The Torch Song Trilogy, a semi-autobiographical play about a gay, Jewish drag performer, written by and starring Harvey Fierstein , began life as three separate plays staged off-off-Broadway. They were combined for a run at the Actor’s Playhouse in Greenwich Village where the cast included a young Matthew Broderick. The show transferred to Broadway in 1982. Another unexpected success, Fierstein won the Tony Awards for Best Play and Best Actor, becoming the first openly gay actor to win a Tony for playing a gay character.

The next year, in 1983, Fierstein wrote the book for the musical comedy La Cage aux Folles. It was based on the 1973 French play of the same name by Jean Poiret, which had been adapted as a film in 1979. Another landmark in the history of LGBTQ+ theater, La Cage was the first Broadway musical featuring a gay couple as principal characters. Despite a spike in homophobia associated with the escalating AIDS crisis, the show was a hit. It ran for four years and won six Tony Awards including Best Musical.

The AIDS Crisis: Art as Activism

“AIDS is probably the greatest catastrophe ever to hit the American theater,” the LA Times wrote in 1993.

HIV, the virus that causes AIDS, first appeared in the US sometime in the early 1970s. Sexually transmitted, or transmitted through blood, the disease quickly became an epidemic disproportionately affecting gay men and drug users. New York City was particularly hard-hit during the 1980s. The arts and theater communities suffered devastating losses and Broadway and American theatre felt the impact. An economic recession combined with the downturn in tourism (New York was seen as a hotspot for AIDS) reduced Broadway audiences by half: from 11 million attendees in 1980 to just 6 million by 1985.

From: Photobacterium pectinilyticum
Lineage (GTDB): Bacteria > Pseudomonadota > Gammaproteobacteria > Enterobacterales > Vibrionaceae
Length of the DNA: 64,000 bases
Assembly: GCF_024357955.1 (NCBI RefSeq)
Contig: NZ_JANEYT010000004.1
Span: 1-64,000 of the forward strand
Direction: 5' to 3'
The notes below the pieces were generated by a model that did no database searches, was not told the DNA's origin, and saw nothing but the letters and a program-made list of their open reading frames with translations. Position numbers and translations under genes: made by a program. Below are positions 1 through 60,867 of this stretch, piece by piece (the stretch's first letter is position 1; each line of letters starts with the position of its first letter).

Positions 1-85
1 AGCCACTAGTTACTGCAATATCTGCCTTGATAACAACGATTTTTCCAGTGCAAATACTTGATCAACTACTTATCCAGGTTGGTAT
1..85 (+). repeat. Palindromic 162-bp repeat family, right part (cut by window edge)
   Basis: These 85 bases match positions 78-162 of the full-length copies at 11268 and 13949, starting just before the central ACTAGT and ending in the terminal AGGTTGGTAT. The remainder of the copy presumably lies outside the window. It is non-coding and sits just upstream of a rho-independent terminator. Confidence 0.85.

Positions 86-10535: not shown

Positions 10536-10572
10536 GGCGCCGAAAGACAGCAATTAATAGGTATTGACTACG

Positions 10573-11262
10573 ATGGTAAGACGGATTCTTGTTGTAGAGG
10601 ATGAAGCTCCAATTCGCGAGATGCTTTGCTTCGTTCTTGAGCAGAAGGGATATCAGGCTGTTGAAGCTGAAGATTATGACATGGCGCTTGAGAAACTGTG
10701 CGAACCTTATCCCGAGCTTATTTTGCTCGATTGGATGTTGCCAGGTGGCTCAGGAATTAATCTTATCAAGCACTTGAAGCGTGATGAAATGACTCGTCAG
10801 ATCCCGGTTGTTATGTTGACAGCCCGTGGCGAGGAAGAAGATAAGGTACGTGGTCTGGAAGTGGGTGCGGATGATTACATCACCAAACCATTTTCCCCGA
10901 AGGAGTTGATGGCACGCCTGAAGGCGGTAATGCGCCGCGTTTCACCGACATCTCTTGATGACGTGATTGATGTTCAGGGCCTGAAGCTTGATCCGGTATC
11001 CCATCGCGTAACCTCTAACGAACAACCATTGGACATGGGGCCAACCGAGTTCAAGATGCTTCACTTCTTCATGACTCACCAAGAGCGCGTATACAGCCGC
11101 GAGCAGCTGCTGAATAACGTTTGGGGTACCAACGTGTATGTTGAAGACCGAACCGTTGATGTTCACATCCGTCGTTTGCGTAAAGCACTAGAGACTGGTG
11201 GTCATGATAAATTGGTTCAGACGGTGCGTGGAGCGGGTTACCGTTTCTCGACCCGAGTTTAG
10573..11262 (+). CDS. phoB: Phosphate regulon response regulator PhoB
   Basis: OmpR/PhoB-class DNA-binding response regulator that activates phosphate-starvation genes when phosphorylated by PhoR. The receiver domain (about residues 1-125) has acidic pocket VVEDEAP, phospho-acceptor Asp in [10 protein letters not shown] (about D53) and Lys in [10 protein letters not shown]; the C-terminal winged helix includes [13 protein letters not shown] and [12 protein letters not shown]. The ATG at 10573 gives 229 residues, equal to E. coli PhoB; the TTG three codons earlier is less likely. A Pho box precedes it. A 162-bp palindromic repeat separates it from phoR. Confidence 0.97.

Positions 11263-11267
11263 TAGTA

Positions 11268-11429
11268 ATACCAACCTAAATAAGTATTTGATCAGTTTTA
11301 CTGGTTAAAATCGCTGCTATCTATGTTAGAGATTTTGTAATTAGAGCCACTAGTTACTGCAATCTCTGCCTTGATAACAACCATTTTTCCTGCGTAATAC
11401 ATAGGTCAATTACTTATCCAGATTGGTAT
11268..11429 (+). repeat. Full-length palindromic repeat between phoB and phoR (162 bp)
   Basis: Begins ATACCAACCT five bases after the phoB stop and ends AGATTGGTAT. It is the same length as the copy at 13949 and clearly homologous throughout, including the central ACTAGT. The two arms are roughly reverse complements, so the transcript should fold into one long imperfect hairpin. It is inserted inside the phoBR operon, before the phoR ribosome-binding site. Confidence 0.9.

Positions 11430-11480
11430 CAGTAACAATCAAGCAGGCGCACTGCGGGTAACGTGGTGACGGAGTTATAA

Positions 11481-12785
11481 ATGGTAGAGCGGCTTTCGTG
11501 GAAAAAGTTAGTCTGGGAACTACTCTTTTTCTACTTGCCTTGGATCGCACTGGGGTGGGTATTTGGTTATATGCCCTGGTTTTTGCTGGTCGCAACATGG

The slow response to the epidemic from the FDA and the Reagan Administration caused intense frustration and anger among the LGBTQ+ community and its allies. Protests and large-scale activism succeeded in spurring the government to raise the priority of the HIV/AIDS crisis and hastened medical breakthroughs. Theater played a vital role in bringing awareness of the disease to the public and calling for action. A canon of “AIDS plays” arose which are now considered classics of LGBTQ+ theater.